Obituaries, May 26, 2022

Veteran talk show host and journalist Andrew Glen Krystal died Sunday in Toronto. He was 63. No cause has been released.

Krystal had most recently been hosting Krystal Nation on SiriusXM Canadian current affairs channel, Canada Talks, and running his own digital content and communications firm, working with clients that included Tourism Ontario.

Following studies at the U of Toronto in both international relations and English, he performed dual roles in both talk radio and marketing.

From 1986 to 1991 he worked with Sonic Workshop, owned by the late David Pritchard and Alan Lysaght, where he co-produced, wrote, voiced and sold the Entertainment Tonight-style series Entertainment Week and Entertainment Today that aired in 60 Canadian markets.

As an award-winning broadcast editorialist on Talk radio, he’s appeared on local and regional broadcasts in both Toronto (AM 640, Newstalk 1010, The Fan590) and New York (WABC) ‎and regionally on the East Coast for Rogers talk stations where he led the first commercial talk FM network in Canada).  Previously, he has appeared on CNN’s Travel Guide and on travel TV programs across the US and Canada. Funeral arrangements are to TBA as too a memorial for his many friends in media, politics and entertainment.

And you can listen to some of his earlier SiriusXM shows here, a Toronto Mike podcast interview with him here and read a more complete Broadcast Dialogue obit here.

Paul Horace Plimley, a Vancouver jazz pianist, died on May 18, age 69, of cancer.

The Georgia Straight called him "one of the city’s most gifted improvisors. He was a founder of Vancouver’s New Orchestra Workshop Society in 1977, as well as a mainstay of the Vancouver International Jazz Festival. Over the course of a career that spanned six decades, he recorded albums as a bandleader with the likes of bassists Lisle Ellis and Barry Guy, and percussionist Trichy Sankaran. As a respected collaborator, he also made records with American sax player Joe McPhee, guzheng innovator Mei Han, and California composer Anthony Davis."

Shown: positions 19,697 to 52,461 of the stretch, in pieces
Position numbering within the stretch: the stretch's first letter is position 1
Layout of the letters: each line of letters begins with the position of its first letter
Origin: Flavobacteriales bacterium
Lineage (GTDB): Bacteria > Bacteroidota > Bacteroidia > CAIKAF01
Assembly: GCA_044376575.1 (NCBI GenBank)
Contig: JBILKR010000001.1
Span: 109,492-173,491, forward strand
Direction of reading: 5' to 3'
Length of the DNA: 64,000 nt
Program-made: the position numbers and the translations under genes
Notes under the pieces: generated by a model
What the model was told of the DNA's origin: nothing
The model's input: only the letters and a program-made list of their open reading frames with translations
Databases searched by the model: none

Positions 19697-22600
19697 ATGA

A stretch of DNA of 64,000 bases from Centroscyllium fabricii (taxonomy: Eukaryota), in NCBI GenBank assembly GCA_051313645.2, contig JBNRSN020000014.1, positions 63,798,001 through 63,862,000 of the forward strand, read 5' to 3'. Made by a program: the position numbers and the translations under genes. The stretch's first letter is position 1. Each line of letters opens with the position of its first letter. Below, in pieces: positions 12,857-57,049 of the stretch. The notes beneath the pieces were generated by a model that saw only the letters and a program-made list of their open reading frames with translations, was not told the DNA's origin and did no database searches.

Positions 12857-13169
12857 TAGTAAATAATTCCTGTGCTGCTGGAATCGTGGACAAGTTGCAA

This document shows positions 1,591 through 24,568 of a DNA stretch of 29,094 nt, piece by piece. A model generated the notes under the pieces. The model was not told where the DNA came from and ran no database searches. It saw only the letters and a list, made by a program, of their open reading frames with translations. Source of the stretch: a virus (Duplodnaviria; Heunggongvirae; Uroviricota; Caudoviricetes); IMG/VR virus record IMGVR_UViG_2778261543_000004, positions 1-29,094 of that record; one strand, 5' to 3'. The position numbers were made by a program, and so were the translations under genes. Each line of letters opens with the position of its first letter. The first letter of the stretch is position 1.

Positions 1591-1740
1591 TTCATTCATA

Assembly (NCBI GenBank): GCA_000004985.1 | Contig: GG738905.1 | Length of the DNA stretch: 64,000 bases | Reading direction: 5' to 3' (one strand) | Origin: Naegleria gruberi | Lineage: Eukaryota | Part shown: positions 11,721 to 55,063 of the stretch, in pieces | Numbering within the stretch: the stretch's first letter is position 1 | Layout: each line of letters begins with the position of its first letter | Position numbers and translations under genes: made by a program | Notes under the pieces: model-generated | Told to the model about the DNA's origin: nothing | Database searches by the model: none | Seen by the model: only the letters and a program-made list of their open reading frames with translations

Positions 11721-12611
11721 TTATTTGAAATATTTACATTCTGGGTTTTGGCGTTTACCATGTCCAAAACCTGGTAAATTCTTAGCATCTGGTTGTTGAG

Noted Canadian jazz critic and author Mark Miller posted this tribute: "Paul Plimley was one of the Canadian jazz scene’s true originals. I once described him as ‘an impulsive improviser whose considerable expressivity and physicality at the keyboard, post-Cecil Taylor, was leavened by a lyricism born—he would say—of Debussy and a twinkling sense of humour, if not mischief, entirely of his own." Sources: Georgia Straight, Mark Miller, Wikipedia

International

Rick (Richard Gordon) Price, an English bassist who played with various Birmingham-based rock bands, most notably Sight and Sound, the Move (1969–1971), and Wizzard (1972–1975), died on May 17, age 77.

After starting out in the Cimarrons, the Sombreros, and Sight & Sound, Price joined the Move in 1969, staying with the group for two years, including an unsuccessful US tour. He signed a contract with Gemini Records, and recorded the albums This Is To Certify That (1970) and Talking To The Flowers (1971).

He joined up again with Roy Wood in the latter's new band, Wizzard, with whom he had two British number one hit singles, See My Baby Jive and Angel Fingers, as well as the No. 4 Christmas classic I Wish It Could Be Christmas Everyday (all 1973). After Wizzard split up, he joined the Wizzo Band on pedal steel guitar in 1975, but they broke up in 1978. Price was also a member of The Rockin' Berries from 1990 until his death.

Price was married to Dianne Lee of the 1970s duo Peters and Lee. The couple toured as a duo, performing hits and new songs. Sources: Wikipedia,